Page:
The Blizzard of '77...
The only other rival earliest memory I have to the Pez memory is the Blizzard of '77. And looking back at the pictures, I have no doubt why. It was a wonderland of the most intense snowfall you have ever seen.
We lived on 45 West Van Buren down in the humble little city of Oswego, N.Y., the home of the great Fort Ontario and some of the best salmon fishing in the world. We lived about a thousand feet from the lakeshore, right next to Wright's Landing, a fishing dock that serviced thousands of fisherman frothing at the mouth to win the latest tournament whether it was in search of the biggest King Salmon, Brown Trout, Steelhead, or Lake Perch. There were tournaments all the time. But I digress.
The point is that we lived right on the lake. Lake + Winter = Lake Effect. For those of you who don't know what I speak of when I speak of lake effect, it is the beautiful marriage of weather patterns that produces snowflakes the size of ping pong balls. The warmth of the lake collides with the frigid air producing snow that looks like it's been manually fed, and artificially bred to cause natural disasters. When you see the dark clouds forming over the lake coming from East to West, you might as well board up the windows, get out your canned venison and batten down the hatches, cause it's gonna be a doozy.
Being only three or four, winter was still a mystery to me. I didn't understand the climate, the region of the world we lived in, or the nuances of lake effect snow...I only knew that for about 4 to 5 months the world got really cold and white stuff rained down from on high covering the earth with a pure mirth that made my heart flutter with joy.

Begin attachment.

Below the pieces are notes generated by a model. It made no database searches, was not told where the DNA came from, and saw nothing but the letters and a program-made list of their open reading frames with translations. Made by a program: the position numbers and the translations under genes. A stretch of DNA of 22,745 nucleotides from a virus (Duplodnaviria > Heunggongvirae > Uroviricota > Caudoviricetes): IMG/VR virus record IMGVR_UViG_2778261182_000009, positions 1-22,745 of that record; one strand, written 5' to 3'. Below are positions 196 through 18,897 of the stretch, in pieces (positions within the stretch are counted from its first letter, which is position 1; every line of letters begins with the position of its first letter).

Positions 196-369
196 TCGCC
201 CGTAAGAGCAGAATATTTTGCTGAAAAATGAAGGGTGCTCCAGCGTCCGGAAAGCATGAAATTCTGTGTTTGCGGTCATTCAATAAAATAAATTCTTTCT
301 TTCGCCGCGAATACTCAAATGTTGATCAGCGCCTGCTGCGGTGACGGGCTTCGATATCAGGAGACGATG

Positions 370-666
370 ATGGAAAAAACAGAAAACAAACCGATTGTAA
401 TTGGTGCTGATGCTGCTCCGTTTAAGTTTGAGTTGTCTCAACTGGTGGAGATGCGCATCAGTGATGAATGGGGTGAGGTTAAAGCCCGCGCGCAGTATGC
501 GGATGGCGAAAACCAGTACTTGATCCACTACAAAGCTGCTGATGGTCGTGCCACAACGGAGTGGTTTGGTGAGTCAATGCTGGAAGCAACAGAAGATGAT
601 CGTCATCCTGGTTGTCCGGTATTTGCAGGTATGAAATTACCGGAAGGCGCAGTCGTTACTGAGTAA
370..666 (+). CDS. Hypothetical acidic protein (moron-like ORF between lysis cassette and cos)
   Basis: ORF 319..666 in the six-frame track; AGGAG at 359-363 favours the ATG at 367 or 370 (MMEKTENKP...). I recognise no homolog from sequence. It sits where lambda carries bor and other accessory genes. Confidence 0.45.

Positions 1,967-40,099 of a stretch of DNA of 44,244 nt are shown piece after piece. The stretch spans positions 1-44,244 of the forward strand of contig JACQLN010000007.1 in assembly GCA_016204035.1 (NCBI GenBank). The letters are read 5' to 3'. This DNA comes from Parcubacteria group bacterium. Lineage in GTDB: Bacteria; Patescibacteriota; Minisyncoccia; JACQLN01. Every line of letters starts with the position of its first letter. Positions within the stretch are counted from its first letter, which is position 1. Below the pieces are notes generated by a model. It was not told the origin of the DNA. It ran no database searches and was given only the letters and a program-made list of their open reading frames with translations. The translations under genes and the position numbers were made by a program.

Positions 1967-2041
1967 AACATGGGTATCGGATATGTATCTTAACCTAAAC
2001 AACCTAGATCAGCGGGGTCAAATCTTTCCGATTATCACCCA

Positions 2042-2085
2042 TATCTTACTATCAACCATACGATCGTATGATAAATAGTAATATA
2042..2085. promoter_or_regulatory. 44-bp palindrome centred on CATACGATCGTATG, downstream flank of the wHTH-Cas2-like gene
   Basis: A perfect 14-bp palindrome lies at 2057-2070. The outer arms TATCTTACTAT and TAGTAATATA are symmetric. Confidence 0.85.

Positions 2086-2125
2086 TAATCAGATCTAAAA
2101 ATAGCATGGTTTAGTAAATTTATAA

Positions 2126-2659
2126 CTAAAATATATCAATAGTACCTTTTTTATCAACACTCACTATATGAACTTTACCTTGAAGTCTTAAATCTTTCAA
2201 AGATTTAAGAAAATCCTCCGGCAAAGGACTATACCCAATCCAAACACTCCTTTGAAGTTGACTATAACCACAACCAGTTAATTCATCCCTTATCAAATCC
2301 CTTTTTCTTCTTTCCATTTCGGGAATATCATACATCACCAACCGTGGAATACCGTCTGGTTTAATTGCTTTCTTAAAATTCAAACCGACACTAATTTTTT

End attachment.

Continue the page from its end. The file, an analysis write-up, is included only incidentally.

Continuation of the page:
And the winter of '77? Oh my. It snowed for almost 5 days straight at one point, dropping a record 5-7 feet piled so high that the snow banks were touching the power lines in some drifted areas. School was canceled, a national emergency was called, and people were everywhere shoveling themselves out of their own personal snowy tomb.
My dad shoveled out our porch and sidewalk and the snowbanks were so high that we could climb up on the roof of the porch and slide down without consequence. You could literally climb on the neighbor's roof and jump off into drifts without fearing injury. I felt invincible, almost immortal, like we were in heaven playing in the clouds or something like that. My brother and I would play and play and play until our cheeks were frostbitten and our noses were caked with icicles. Our snowsuits were so oversized that we waddled around like penguins with excruciating lower back pain.
I can't tell you the euphoria of living in what could only be described as the North Pole. We would play for hours on end no longer earth bound and gravity conscious. We were free, as free as I ever remember being in my life. And my dad and mom let us rule and reign without the cautious "Be careful!" to suck the life out of our adventure. I needed that kind of green light as a little boy every once in a while. I don't think I saw enough green lights along the way to test my masculine heart.
The Blizzard of '77. It sounds like the song, "it was the summer of '69"...
"...it was the closest thing to heaven.....back in the blizzard of '77...." lalalala.
...cause it was. It still is.